Where Does Manure in the Chesapeake Come From Anyway? EPA, It's Time to Find Out

Shana Campbell Jones

May 11, 2009

Cattle, chickens, and hogs create more than 500 million tons of manure in the United States annually – three times more than the sanitary waste produced by people. Yet, in contrast to a concerted federal and state effort to fund and build sewage treatment plants since the Clean Water Act was enacted in 1972, dealing with the water pollution problems caused by animal waste has been like wrestling a greased pig – a stinky, frustrating mess.

Regulating agricultural waste in the Chesapeake Bay watershed has been no less frustrating than in any other area of the country. And it’s no secret that nitrogen and phosphorous loadings from manure are killing the Bay. Recent developments in the Bay watershed, however, could signal a new direction on regulating Concentrated Animal Feeding Operations (CAFOs – factory farms) and the application of manure to cropland by farmers. An emerging coalition of 40 environmental groups – from the smallest Riverkeeper to the National Wildlife Federation – wrote a letter this week to EPA Administrator Lisa Jackson and the governors of Maryland, Virginia and Pennsylvania (the primary states comprising the Chesapeake watershed) demanding comprehensive action on Bay pollution, including agricultural runoff (disclaimer: CPR advised the coalition on the letter). If EPA leads like it could, a cleaner Bay could move from dream to reality. One of the recommendations made by the coalition is that EPA create an ongoing and independent accountability mechanism for the Chesapeake Bay Program, where an independent evaluator monitors and assesses federal and state progress toward achieving restoration goals. Such an accountability mechanism is desperately needed because crucial information about Bay polluters and control practices is opaque. For example – and this is truly mind-boggling – public EPA data on how many CAFOs operate and are permitted in the Bay watershed is nonexistent, even though EPA has had the authority to regulate CAFOs for more than thirty-seven years.

The problem is acute enough that the Government Accountability Office took EPA to task for sticking its head in the sand. A 2008 GAO report found that “no federal agency collects accurate and consistent data on the number, size, and location of CAFOs,” in spite of the fact that “large farms can produce more raw waste than the human population of a large city.”

Data on the numbers of CAFOs receiving permits – EPA’s charge, supposedly – is similarly missing. When we interviewed key Bay advocates and officials last fall, one government official estimated that approximately half of the CAFOs in the Bay were unpermitted – but it's impossible to know exactly without that data.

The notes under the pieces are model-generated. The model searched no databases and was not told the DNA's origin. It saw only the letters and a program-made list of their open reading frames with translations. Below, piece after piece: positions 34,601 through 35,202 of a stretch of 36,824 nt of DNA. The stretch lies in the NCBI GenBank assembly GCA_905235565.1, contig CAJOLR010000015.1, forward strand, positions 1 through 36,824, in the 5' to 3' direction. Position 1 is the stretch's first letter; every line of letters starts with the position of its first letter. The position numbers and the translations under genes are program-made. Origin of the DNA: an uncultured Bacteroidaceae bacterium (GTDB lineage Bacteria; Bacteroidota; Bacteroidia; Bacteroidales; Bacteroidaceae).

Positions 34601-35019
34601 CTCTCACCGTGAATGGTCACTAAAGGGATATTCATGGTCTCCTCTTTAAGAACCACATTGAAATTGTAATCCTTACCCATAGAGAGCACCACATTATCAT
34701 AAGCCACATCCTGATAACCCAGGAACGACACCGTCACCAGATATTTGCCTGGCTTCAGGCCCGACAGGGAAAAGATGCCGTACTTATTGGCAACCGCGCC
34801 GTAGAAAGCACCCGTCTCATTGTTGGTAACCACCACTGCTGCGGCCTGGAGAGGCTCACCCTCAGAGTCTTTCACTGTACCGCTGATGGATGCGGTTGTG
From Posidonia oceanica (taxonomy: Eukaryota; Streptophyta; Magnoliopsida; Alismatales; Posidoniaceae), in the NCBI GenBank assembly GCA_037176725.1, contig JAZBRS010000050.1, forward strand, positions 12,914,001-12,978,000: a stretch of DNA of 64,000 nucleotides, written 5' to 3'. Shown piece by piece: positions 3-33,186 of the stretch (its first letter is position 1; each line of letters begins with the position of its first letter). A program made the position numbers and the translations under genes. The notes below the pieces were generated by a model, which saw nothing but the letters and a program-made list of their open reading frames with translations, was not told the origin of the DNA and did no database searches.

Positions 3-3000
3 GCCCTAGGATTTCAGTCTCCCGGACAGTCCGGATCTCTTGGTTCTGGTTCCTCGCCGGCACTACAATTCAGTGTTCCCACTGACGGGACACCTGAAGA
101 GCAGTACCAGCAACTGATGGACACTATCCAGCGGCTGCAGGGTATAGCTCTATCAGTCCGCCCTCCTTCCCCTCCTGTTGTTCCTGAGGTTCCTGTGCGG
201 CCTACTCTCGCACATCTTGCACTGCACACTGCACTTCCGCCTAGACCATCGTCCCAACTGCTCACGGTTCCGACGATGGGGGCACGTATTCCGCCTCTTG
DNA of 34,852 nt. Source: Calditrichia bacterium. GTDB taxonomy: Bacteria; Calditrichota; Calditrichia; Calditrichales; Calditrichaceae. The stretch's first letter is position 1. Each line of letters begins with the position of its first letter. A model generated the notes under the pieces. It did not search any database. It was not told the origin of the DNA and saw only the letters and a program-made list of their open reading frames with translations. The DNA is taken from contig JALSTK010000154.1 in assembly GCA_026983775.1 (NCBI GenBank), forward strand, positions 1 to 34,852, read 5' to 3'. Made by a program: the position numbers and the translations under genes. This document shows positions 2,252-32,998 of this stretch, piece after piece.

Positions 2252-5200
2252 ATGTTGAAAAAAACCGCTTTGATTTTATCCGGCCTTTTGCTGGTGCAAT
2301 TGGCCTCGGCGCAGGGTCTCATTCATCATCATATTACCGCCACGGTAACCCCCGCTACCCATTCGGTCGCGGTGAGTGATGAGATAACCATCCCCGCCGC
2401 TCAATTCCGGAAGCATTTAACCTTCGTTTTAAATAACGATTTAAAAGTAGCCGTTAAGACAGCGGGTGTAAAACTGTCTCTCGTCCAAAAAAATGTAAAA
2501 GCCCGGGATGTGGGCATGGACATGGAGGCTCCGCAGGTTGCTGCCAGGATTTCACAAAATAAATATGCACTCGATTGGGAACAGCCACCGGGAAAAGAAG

Some numbers are emerging, thanks to EPA’s problematic 2008 CAFO rule, of all things. After the Bush administration issued its midnight CAFO rule in late October, Manure Manager reported in April that the number of CAFOs in Maryland and Delaware is up dramatically – from 13 to 460 in Maryland, and from 17 to 345 in Delaware. EPA’s 2008 CAFO Rule has real problems, but it has served to illuminate what we’ve suspected all along: there’s a lot of nasty stuff out there. Even more than we thought, apparently.

Granted, CAFOs don’t cause all of the problems in the Bay – they’re not responsible, for example, if a farmer purchases CAFO manure and applies it incorrectly – but they obviously play an important role in generating it in the first place. Thanks to a Chesapeake Bay Foundation report, using EPA data, we also know the three areas where more than half of the manure nitrogen is generated in the watershed: Lancaster County, PA (the fifth highest-producing agricultural area in the country); the Delmarva Peninsula (one of the top chicken-producing regions nationwide); and Rockingham County, VA (the largest turkey producer in the nation). What we don’t know is if the CAFOs in these areas are permitted, inspected, and then penalized for violating the law.

This coming Tuesday, the Executive Council of the Chesapeake Bay Program – EPA Administrator Lisa Jackson, the Mayor of the District of Columbia, and the Governors of Maryland, Virginia and Pennsylvania – will meet in Mount Vernon, Virginia, to talk about cleaning up the Chesapeake Bay. The Executive Council has met annually for years, typically posing for pictures and setting goals that aren't kept. This year could be different. At a forum hosted by the Chesapeake Bay Foundation in Norfolk on Wednesday, Governor Kaine strongly suggested some major changes will be announced at the meeting about the Bay Program.

Much should be done – and we look forward to decisive action from the governors and strong leadership from EPA. For starters, EPA and the states could commit to finding the answers to some simple questions: How many CAFOs are in the Bay watershed? Where are they located? Do they have permits? If you’re going to wrestle a pig, go for it. But finding the pig first would be a good place to start.

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